Short Stories, Irish literature, Classics, Modern Fiction, Contemporary Literary Fiction, The Japanese Novel, Post Colonial Asian Fiction, The Legacy of the Austro-Hungarian Empire and quality Historical Novels are Among my Interests

Wednesday, August 31, 2016

Of Cats and Men by Sam Kalda (forthcoming 2017) - beautifully illustrated

"For centuries, legions of forward-thinking men—artists, writers, scientists, and philosophers—have shared their libraries and studios with a purring feline or two. In recent years, a new population of proud, cat-loving men has come out of the proverbial “cat closet,” embracing the purr, mew, and squint of feline companionship." Sam Kalda

Of Cats and Men by Sam Kalda will delight cat lovers.  Cats have always been an important part of my life. Kalda's book is centered on short articles on famous men from history that loved cats. Kalda is a professional illustrator and included  are lots of great drawings of well known men and their cats. 

In America presidents demonstrate their masculinity by posing with the familly dog. Crazy cats ladies are stereotyped figures, not crazy cat men.  One of Kalda's objectives is to debunk the notion that "real men don't love cats".  

Starting with an account of the role of cats in Ancient Egypt, he presents numerous short articles on famous men and their cats.  Many of the figures are musicians and great writers.  Amomg the writers covered are Mark Twain and Samuel Johnson (I am an avid student of Samuel Johnson and Kalda's chapter on Samuel Johnson is really well done.)

"As is fitting for a person of such accomplishment and intelligence, Johnson was a feline enthusiast. In his massively influential biography of Johnson, James Boswell makes special mention of one cat in particular that monopolized Johnson’s affections. Hodge, as the cat was called, received gushing treatment by Johnson. Indeed, as Johnson’s neighbor commented in his memoirs, he had “frequently seen the ruggedness of Dr. Johnson softened to smiles, and caresses; by the inarticulate, yet pathetic expressions of his favourite Hodge.” Boswell also mentions Johnson venturing out on his own to buy oysters for Hodge, “lest the servants having that trouble should take a dislike to the poor creature.”

Cats help to humanize exalted figures.  To me Siamese Cats are the best.  Kalda's drawing of the great composer Maurice Ravel especially delighted me.  The cats reminded me of my very much missed Yoda and Mr. C.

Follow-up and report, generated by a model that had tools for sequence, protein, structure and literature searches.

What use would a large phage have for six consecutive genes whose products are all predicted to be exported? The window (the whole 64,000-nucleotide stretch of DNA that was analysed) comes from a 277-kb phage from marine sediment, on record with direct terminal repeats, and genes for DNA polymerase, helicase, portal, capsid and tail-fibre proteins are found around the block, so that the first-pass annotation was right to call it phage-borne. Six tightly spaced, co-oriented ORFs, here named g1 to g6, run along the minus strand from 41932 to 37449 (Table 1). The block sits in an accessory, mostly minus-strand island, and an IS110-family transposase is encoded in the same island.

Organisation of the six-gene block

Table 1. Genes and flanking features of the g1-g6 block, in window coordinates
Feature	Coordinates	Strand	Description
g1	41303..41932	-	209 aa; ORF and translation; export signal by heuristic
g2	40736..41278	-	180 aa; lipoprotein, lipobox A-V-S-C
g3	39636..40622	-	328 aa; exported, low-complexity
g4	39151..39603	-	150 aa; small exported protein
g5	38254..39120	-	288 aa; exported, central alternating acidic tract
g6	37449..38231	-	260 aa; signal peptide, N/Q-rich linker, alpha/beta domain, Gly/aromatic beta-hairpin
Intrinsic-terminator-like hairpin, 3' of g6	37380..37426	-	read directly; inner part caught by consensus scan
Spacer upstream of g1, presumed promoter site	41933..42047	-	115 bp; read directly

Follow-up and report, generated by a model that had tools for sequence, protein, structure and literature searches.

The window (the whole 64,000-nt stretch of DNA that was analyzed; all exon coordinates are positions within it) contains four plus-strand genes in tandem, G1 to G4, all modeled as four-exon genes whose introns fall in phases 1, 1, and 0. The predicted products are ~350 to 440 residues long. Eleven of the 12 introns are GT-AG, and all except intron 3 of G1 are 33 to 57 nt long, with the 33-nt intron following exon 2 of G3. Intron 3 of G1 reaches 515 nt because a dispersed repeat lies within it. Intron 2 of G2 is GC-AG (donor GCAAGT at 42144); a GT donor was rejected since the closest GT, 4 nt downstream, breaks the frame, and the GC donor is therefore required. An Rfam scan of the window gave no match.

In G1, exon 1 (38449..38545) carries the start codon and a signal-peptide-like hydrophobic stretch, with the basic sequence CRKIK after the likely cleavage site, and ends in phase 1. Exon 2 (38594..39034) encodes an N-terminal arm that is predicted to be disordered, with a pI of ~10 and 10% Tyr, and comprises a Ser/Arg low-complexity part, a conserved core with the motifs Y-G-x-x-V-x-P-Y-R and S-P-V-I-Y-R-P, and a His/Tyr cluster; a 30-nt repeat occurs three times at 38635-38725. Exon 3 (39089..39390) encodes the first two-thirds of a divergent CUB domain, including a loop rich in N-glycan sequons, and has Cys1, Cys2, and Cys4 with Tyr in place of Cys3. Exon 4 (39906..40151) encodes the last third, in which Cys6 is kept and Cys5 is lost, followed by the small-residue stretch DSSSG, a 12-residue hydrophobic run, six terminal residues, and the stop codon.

Cats, not dogs, have been historically seen as the companions of Wizards. The scientific genius Nikola Telsa comes very close to a wizard.  A cat played a big part in his discoveries about electricity.  

I think all cat lovers will totally enjoy Of Cats and Men by Sam Kalda.

Photo by Daniel Seung Lee 

I'm an illustrator and cat fancier based in Brooklyn, New York.  I was born and raised in South Dakota—which sounds much more exotic than it actually is. I received my BFA in Painting at SUNY Purchase College, studied at the Yale Norfolk Summer School of Art, and received my MFA at The Fashion Institute of Technology in New York.

I work at The Bakery in South Williamsburg, Brooklyn and teach at Queens College.


Mel u

Sunday, August 28, 2016

Thomas Nast Political Cartoonist by Lynda Pflueger (2014) -

1840 to 1902, born in Germany, immigrated to America, staying In New York City, with his parents, Thomas Nast is considerd the father of American political cartooning. 

"Nast’s legacy to future generations includes the symbols he made popular that are still recognized today: Uncle Sam, the Democratic donkey, the Republican elephant, and Santa Claus. When Santa Claus appears each year, American children would label him an imposter if he did not look like the Santa Claus portrayed in Nast’s Christmas drawings." - Lynda Pflueger 

Before I read Thomas Nast Political Cartoonist by Lynda Pflueger at the very most I would perhaps recognized him as the creator of the post famous political cartoon in American history.

        "Boss Tweed", de facto ruler of New York City, and his cronies, trying to pass the blame (1871, first appeared in Harper's Weekly)

Pflueger starts her very well written biography with an account of the arrival of the Nast family in New York City. Nast was six at the time.  Pflueger tells us about the times of the family getting settled in a new country.  Nast attended public school from six to fourteen, he never did very well in school, being mainly interested in pursuing a career as an artist.  

    Self portrait of Nash during a rough patch in his life. Right after the civil war. 

In 1854 he left public school and began two years of art instruction.  He got a job as a draftsman in 1856 and sold his first drawing to Harper's Weekly in 1859.  He, as Pflueger details,was  to have a long and mutually benifical relationship with the four Harper brothers.  He began to regularly publish drawings in Harper's Weekly, many of them harshly critical of the very corrupt New York City political organization known as Tammany Hall, dominated by William "Boss" Tweed.  I as fascinated to read about his time as a war correspondent in Italy.  In a time where photography was just starting, and lots of potential voters are either barely literate or speak a language besides English, detailed vivid drawings like those of Nast were the viral media of the 1870s.

At the time venal politicians were exploting anti-immigrant sentiment among segments of the American population, sounds a bit familiar.  The biggest fear seems to have been that of Chinese railroad laborers who stsyed in the country after the railroads were completed.    Nast, an immigrant, was strongly pro immigrant. I loved Nast's cartoon making fun of politicians who proposed building a wall to keep out immigrants.